Clinton e-mails reveal Benghazi militant fears

2015-05-21 21:07
Democratic presidential candidate Hillary Clinton arrives for a roundtable with educators and students at the Kirkwood Community College's Jones County Regional Centre, Iowa. (Charlie Neibergall, AP)

Democratic presidential candidate Hillary Clinton arrives for a roundtable with educators and students at the Kirkwood Community College's Jones County Regional Centre, Iowa. (Charlie Neibergall, AP)

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Washington - One day after a deadly 2012 attack on a US mission in Libya, then secretary of state Hillary Clinton was told confidentially al-Qaeda linked militants were likely behind the assault, a US daily said on Thursday, publishing some of her e-mails.

Yet it took several days for the White House to admit it was probing whether al-Qaeda had any links to the storming of the mission in Benghazi in which US Ambassador Chris Stevens and three other Americans were killed.

The State Department is poised to release a batch of e-mails that Clinton - now bidding to be the next president - sent from her private e-mail address during her four-year tenure as secretary of state.

But some of her correspondence obtained by the New York Times Thursday gave an insight into Clinton's early concerns in 2011 about the disintegration of Libya, as well as casting light on the shadowy world of intelligence gathering.

Most of the e-mails were sent to Clinton from her long-time advisor and friend Sidney Blumenthal, quoting "sensitive" sources with direct access to top Libyan officials. They contain few comments from Clinton.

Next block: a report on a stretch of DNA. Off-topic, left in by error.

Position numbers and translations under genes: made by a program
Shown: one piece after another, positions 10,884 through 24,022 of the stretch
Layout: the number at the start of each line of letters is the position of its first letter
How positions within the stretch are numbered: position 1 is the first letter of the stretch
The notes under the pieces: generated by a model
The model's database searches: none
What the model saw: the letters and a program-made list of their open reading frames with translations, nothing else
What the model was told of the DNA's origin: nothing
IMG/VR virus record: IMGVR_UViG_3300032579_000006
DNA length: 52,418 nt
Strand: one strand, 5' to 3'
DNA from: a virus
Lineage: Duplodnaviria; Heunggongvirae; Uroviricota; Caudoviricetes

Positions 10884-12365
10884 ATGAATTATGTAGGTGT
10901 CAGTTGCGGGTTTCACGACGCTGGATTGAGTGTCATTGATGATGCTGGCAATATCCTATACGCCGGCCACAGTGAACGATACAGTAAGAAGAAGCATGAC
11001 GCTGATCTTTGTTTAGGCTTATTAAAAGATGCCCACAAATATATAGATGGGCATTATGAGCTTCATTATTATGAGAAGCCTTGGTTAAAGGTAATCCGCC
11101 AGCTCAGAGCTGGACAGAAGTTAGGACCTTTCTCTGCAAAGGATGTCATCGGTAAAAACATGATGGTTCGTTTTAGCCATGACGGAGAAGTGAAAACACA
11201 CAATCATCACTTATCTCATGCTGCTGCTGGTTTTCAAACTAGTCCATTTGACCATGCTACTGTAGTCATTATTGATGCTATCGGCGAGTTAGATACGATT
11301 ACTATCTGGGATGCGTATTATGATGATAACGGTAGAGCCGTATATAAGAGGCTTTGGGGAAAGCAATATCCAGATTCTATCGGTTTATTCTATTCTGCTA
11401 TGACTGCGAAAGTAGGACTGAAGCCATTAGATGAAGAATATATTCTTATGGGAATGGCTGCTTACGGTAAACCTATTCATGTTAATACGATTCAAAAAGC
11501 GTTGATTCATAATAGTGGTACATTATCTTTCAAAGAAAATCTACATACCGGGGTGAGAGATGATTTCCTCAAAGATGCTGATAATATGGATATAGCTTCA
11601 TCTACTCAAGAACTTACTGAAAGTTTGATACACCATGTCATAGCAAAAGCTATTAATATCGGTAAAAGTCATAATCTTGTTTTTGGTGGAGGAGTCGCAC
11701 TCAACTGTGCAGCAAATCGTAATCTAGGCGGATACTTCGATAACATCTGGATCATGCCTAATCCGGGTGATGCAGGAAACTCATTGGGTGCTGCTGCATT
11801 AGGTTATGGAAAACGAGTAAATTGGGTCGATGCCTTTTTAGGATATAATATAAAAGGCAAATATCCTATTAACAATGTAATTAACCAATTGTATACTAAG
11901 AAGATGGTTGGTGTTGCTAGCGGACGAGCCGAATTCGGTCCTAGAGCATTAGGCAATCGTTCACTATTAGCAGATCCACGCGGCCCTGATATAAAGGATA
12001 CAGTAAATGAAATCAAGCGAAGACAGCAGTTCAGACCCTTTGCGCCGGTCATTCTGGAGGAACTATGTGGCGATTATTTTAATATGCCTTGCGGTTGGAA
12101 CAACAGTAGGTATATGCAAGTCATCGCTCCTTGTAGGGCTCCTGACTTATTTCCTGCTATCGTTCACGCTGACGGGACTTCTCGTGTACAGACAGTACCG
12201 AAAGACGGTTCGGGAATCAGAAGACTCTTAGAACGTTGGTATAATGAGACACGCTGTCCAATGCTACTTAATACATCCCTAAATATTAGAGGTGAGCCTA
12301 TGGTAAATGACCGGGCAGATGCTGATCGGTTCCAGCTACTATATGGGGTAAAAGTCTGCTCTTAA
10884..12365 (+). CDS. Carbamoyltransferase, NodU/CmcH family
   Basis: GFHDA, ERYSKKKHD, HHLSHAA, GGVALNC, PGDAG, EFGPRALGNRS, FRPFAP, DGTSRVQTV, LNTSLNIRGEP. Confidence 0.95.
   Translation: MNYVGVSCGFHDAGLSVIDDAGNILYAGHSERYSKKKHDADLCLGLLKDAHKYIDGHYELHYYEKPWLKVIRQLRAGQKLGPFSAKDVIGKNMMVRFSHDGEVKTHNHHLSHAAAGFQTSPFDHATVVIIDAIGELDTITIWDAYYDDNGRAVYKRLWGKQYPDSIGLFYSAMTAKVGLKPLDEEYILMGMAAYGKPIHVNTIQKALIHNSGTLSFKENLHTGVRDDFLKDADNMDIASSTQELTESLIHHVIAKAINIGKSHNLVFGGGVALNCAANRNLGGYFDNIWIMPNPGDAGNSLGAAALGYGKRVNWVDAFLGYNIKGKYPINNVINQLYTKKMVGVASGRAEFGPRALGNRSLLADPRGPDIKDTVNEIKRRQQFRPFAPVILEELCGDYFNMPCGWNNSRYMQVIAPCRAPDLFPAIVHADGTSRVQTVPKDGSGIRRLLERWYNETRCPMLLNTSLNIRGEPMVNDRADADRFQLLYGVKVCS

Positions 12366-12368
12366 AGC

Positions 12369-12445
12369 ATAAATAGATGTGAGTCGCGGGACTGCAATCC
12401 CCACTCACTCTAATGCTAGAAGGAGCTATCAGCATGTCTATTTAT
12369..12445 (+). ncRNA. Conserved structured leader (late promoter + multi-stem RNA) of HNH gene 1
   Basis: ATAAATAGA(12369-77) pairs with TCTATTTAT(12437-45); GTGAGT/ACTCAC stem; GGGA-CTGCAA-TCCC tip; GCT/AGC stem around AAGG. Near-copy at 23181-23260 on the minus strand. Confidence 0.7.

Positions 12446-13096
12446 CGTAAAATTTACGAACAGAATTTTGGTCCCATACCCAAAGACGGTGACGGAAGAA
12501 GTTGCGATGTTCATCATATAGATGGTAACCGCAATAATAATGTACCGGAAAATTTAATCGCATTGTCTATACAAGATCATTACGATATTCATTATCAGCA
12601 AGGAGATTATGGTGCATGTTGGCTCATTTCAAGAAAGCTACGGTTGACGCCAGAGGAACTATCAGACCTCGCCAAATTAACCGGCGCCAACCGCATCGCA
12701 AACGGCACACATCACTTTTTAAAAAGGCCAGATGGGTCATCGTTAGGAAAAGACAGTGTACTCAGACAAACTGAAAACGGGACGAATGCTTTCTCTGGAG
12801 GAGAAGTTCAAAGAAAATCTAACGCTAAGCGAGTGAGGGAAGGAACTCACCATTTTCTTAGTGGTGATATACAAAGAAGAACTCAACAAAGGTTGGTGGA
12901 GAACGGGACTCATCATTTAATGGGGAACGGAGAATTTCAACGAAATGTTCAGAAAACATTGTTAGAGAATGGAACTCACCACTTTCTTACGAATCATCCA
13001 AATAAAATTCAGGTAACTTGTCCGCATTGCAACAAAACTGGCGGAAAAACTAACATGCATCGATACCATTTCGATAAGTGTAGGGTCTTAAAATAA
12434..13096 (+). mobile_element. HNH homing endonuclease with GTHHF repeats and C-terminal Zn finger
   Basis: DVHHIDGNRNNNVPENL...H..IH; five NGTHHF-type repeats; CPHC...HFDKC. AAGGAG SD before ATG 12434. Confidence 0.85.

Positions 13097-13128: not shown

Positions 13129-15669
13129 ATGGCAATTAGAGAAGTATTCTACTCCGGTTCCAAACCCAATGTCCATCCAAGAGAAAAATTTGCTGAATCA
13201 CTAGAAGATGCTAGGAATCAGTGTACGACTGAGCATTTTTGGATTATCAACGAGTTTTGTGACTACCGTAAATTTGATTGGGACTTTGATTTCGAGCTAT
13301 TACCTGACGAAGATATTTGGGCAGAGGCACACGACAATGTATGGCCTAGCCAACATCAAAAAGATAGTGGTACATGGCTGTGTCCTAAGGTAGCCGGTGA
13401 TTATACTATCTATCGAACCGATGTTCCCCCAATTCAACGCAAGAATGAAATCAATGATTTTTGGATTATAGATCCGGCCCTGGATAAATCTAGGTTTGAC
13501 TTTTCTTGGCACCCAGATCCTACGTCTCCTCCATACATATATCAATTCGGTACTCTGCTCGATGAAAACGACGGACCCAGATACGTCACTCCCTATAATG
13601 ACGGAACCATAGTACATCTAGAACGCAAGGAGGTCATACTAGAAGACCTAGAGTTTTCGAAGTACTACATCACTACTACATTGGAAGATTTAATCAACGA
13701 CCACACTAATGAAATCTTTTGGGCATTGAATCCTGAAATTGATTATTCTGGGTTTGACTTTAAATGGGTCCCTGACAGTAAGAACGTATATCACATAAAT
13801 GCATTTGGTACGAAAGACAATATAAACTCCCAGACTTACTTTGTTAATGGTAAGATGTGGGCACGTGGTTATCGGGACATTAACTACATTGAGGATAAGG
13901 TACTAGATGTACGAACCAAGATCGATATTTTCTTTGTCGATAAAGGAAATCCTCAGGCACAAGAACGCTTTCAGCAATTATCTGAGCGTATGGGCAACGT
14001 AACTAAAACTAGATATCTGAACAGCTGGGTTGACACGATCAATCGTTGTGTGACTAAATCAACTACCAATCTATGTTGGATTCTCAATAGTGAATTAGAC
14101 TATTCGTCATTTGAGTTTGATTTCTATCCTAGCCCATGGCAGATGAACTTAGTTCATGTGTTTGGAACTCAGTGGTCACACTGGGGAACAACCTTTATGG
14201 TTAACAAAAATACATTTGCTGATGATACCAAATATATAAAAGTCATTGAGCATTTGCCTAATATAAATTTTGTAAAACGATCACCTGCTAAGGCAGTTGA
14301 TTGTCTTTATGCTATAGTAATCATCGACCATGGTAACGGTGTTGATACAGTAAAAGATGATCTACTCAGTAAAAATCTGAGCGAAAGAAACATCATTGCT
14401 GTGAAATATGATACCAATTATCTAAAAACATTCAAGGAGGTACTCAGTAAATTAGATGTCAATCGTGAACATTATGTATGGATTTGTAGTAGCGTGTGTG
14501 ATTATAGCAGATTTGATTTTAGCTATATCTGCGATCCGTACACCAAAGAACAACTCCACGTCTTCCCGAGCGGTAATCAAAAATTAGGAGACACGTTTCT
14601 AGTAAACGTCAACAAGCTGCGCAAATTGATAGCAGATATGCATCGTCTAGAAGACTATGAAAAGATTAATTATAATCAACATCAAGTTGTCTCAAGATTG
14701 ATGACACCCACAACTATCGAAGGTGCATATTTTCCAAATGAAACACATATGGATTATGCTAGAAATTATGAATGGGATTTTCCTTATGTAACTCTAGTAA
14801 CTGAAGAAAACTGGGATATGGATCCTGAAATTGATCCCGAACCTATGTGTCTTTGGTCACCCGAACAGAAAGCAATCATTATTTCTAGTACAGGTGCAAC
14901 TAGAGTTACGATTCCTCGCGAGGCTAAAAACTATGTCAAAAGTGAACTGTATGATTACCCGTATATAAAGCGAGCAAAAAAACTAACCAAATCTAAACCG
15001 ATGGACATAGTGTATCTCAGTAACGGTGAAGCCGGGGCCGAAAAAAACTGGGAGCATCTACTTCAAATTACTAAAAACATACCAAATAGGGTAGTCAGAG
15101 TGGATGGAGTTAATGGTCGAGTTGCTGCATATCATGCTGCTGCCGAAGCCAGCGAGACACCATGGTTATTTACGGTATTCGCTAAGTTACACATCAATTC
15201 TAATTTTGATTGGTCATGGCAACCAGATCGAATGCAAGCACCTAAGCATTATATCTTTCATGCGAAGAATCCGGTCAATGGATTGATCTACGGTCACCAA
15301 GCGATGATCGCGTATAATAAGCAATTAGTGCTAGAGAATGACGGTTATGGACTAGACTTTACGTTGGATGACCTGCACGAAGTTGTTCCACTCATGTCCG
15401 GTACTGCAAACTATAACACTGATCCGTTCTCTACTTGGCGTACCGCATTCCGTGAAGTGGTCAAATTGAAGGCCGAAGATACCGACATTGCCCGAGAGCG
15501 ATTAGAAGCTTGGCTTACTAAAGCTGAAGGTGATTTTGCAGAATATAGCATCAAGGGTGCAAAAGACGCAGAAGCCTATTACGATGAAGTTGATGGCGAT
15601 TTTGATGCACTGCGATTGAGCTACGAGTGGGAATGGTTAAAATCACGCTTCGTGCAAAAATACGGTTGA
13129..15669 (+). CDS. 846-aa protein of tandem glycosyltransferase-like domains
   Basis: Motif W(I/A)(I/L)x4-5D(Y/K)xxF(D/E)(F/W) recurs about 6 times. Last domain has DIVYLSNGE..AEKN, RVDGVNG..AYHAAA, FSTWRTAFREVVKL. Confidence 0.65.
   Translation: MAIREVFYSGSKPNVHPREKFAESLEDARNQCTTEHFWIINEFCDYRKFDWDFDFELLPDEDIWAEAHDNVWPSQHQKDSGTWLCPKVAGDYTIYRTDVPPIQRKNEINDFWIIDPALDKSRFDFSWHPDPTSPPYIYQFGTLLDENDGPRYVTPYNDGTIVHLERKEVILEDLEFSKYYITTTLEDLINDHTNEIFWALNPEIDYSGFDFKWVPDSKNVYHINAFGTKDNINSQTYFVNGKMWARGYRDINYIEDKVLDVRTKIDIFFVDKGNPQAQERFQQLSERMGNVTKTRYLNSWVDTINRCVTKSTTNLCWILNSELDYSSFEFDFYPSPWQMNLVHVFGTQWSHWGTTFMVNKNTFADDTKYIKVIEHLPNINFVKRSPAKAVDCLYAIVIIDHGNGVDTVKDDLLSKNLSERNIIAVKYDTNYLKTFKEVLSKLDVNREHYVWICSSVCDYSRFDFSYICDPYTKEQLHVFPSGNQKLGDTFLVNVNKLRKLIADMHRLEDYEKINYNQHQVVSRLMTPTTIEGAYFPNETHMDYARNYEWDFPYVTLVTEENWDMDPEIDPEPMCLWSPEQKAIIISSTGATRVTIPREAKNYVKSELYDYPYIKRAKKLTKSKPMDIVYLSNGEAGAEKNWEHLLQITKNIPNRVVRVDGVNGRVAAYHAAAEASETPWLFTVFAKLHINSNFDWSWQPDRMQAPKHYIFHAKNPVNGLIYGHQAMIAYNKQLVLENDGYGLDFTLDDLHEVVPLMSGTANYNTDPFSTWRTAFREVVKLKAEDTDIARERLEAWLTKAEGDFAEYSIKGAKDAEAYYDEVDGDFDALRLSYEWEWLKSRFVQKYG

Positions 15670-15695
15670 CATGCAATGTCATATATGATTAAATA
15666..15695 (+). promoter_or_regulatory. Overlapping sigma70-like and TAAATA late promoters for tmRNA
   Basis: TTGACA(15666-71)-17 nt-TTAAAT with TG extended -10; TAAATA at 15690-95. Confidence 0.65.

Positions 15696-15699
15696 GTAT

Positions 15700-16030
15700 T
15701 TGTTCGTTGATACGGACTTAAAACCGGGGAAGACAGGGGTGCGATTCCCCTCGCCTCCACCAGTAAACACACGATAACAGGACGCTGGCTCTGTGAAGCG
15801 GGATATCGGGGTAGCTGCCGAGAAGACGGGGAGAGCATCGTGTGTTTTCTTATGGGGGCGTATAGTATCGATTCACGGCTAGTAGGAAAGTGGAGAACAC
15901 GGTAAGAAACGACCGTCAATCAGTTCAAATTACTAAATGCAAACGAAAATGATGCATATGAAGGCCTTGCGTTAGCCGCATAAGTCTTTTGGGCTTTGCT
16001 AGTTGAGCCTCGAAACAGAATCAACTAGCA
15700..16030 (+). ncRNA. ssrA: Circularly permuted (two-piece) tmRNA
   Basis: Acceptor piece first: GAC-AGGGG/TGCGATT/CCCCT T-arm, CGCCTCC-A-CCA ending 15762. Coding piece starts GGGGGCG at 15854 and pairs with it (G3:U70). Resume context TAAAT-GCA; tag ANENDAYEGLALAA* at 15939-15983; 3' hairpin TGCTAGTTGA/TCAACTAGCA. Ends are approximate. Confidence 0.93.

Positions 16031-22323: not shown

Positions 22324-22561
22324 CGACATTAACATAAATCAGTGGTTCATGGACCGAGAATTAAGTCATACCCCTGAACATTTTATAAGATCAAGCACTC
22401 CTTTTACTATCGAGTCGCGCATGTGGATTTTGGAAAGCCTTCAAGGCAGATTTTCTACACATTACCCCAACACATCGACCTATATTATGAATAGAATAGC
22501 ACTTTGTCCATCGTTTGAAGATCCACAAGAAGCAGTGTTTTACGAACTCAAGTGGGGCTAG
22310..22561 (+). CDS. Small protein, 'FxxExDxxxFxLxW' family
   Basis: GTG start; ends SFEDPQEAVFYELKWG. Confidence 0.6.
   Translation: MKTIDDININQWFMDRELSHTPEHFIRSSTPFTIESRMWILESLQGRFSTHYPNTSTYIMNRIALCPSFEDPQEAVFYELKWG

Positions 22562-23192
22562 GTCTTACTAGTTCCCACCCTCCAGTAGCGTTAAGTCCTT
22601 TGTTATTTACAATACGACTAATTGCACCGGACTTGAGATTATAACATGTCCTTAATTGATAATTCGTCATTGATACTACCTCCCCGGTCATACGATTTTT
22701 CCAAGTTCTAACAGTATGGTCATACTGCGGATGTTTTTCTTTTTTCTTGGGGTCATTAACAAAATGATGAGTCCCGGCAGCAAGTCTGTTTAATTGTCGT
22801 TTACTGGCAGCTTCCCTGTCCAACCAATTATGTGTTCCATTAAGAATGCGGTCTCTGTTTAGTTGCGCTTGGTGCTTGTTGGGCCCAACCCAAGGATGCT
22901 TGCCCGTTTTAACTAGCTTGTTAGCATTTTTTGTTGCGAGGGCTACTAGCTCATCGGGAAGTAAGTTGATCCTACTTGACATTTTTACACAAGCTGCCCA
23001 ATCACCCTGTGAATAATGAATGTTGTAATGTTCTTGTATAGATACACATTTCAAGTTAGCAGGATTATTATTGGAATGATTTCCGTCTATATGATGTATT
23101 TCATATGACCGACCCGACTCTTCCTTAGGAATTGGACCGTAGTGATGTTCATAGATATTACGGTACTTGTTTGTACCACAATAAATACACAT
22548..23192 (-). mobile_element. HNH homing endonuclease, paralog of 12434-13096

On September 12, 2012, in the chaotic aftermath of the September 11 attack, Blumenthal sent Clinton a memo by e-mail marked "confidential" in which he said then Libyan president Mohammed Megaryef had been told the attacks were "inspired by what many devout Libyans viewed as a sacrilegious internet video".

But only hours later, Blumenthal sent another long e-mail marked "just in" from his mobile phone.

"Libyan security officials believe that the attack was carried out by forces of the Islamist militia group calling itself the Ansar al-Sharia brigade; working out of camps in the eastern suburbs of Benghazi," it stated.

Clinton forwarded the e-mail from her account ( to her trusted foreign policy advisor Jake Sullivan, saying: "We should get this around asap."

Yet, top White House security advisor Susan Rice went on the Sunday television talk shows that week to insist that the attack arose from a "spontaneous" demonstration.

Cover-up accusations

The Clinton e-mails have been demanded by a special congressional committee set up by Republicans who accuse the administration of covering up what really happened at Benghazi.

Revelations that Clinton used a private server and a private e-mail address when she was secretary of state have also raised Republican hackles as the clock ticks down to the 2016 presidential elections.

She has turned over some 30 000 e-mails amounting to 55 000 pages to the State Department, which is reviewing them to black out classified information before releasing them.

The few e-mails obtained by the Times all dealt with Libya and included a warning from another advisor against arming Libyan rebels before the death of former dictator Muammar Gaddafi.

"Boys like to play with guns [trust me as a mother of sons]. I am all for saying we have no objection to French doing it to increase pressure on Gaddafi [sic], but in a tribal society where conflicts have been repressed for so long, adding even more weapons does not make sense," wrote Anne-Marie Slaughter in April 2011.

Read more on:    hillary clinton  |  libya  |  us

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